The famous Nazca Lines in the Nazca desert of southern Peru have a number of mysteries … not the least of which is the mystery of who made them. And why. And what exactly are the drawings supposed to represent? That last mystery may have been partially answered in a new study by a group of ornithologists who focused on the sixteen giant geoglyphs that look like birds. They believe they’ve identified the species and where they come from and, most importantly, why they became the subjects of these mysterious glyphs.
Concentrating on just the Nazca birds makes sense because they account for the largest number of the geoglyphs that depict plants and animals. Researchers from the Hokkaido University Museum, the Yamashina Institute for Ornithology and Yamagata University agree, especially since no one has really identified them beyond general descriptions. In a press release announcing the publication of their study in the Journal of Archaeological Science: Reports, Masaki Eda of The Hokkaido University Museum described their process of analysis:
“Until now, the birds in these drawings have been identified based on general impressions or a few morphological traits present in each figure. We closely noted the shapes and relative sizes of the birds’ beaks, heads, necks, bodies, wings, tails and feet and compared them with those of modern birds in Peru.”
As a result, the team determined that a shape previously thought to be a hummingbird is actually a depiction of a hermit – a dull-colored hummingbird cousin in the same family (Trochilidae). Two other birds – one a mystery and the other thought to be a guano bird (seabirds that create massive amounts of … you can figure it out) – are actually pelicans. Another strange bird that has defied identification was determined to be a baby parrot. The team could neither confirm nor deny other bird drawing thought to depict condors and flamingos so they stuck with those identities. Eda points out that the fact that these drawings come close to what the real birds look like is amazing considering their size and the lack of technology the artists had.
“The Nasca people who drew the images could have seen pelicans while food-gathering on the coast. Our findings show that they drew exotic birds, not local birds, and this could be a clue as to why they drew them in the first place.”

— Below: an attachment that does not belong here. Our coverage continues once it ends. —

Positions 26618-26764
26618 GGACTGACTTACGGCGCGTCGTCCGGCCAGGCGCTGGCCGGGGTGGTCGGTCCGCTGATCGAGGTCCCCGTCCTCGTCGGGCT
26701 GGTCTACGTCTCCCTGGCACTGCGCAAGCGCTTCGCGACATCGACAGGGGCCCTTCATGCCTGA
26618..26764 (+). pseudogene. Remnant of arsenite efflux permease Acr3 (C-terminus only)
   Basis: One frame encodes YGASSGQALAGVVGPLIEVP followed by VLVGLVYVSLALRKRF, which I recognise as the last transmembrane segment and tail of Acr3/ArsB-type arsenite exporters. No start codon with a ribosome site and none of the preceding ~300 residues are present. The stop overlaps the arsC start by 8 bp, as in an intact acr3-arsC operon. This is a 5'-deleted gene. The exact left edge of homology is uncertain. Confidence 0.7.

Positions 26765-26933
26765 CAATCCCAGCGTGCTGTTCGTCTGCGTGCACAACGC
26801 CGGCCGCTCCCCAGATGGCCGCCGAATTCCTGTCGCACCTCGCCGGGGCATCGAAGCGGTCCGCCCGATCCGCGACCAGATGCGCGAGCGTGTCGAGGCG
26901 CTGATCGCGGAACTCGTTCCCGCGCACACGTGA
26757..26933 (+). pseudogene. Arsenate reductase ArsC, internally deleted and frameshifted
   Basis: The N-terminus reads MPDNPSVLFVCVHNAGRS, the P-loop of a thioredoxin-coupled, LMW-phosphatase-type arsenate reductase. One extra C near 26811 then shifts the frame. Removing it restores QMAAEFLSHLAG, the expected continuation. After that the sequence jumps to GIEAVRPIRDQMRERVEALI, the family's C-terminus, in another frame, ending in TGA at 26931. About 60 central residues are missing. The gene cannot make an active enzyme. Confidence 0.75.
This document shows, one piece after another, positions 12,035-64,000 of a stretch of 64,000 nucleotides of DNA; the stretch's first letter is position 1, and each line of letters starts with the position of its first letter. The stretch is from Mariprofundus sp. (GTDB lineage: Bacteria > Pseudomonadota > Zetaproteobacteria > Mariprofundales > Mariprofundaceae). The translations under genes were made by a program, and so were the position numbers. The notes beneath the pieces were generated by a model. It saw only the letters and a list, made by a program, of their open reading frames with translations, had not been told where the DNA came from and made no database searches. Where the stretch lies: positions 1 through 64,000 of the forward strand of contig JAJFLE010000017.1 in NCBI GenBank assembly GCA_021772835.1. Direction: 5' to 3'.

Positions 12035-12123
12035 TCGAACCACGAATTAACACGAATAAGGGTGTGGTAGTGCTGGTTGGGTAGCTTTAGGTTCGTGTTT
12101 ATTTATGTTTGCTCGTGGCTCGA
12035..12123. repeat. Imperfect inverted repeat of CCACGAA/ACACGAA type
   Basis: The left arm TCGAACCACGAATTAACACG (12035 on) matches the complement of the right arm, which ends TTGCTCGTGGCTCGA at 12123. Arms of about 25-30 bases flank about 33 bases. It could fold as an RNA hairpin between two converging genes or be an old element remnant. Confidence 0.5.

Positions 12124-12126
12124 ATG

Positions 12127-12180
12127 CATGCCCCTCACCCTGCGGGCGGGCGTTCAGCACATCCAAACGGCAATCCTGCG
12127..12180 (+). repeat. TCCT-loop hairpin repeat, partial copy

Identifying the birds led to the real “Aha!” discovery – these were not local desert birds. Pelicans are coastal birds, guano birds live on islands, and hermits and parrots live in the rain forest. The Nazca people may have seen them on food-gathering excursions. This implies that they were special to the Nazca culture in some way. But how?
“The amount of rainfall in the highlands was estimated by observing the migrations of seabirds. When seabirds migrate to mountainous regions of the Nazca pampas during November and December, it is expected that rain will fall in the highlands. On the other hand, if migrating seabirds are not observed, water shortages are feared.”
Some things never change. These ancient Peruvians were constantly concerned about the weather and especially rain and believed the birds brought water from the ocean and the rainforests. The drawings may have been drawn to honor or worship the birds, thank them for their gifts and perhaps even be a big welcoming sign letting them know where to stop the next time.
Eda and the ornithologists plan to analyze bird drawings on pottery and bird remains from Nazca ruins to further identify the bird drawings.
What about the other strange creatures in the Nazca lines like the monkey, the whale, the spider and the dog? What species are they and why were they drawn? More studies of this type are obviously needed. Can they be protected from destruction until that happens?
One thing you can say about the Nazca lines – they’re great job creators.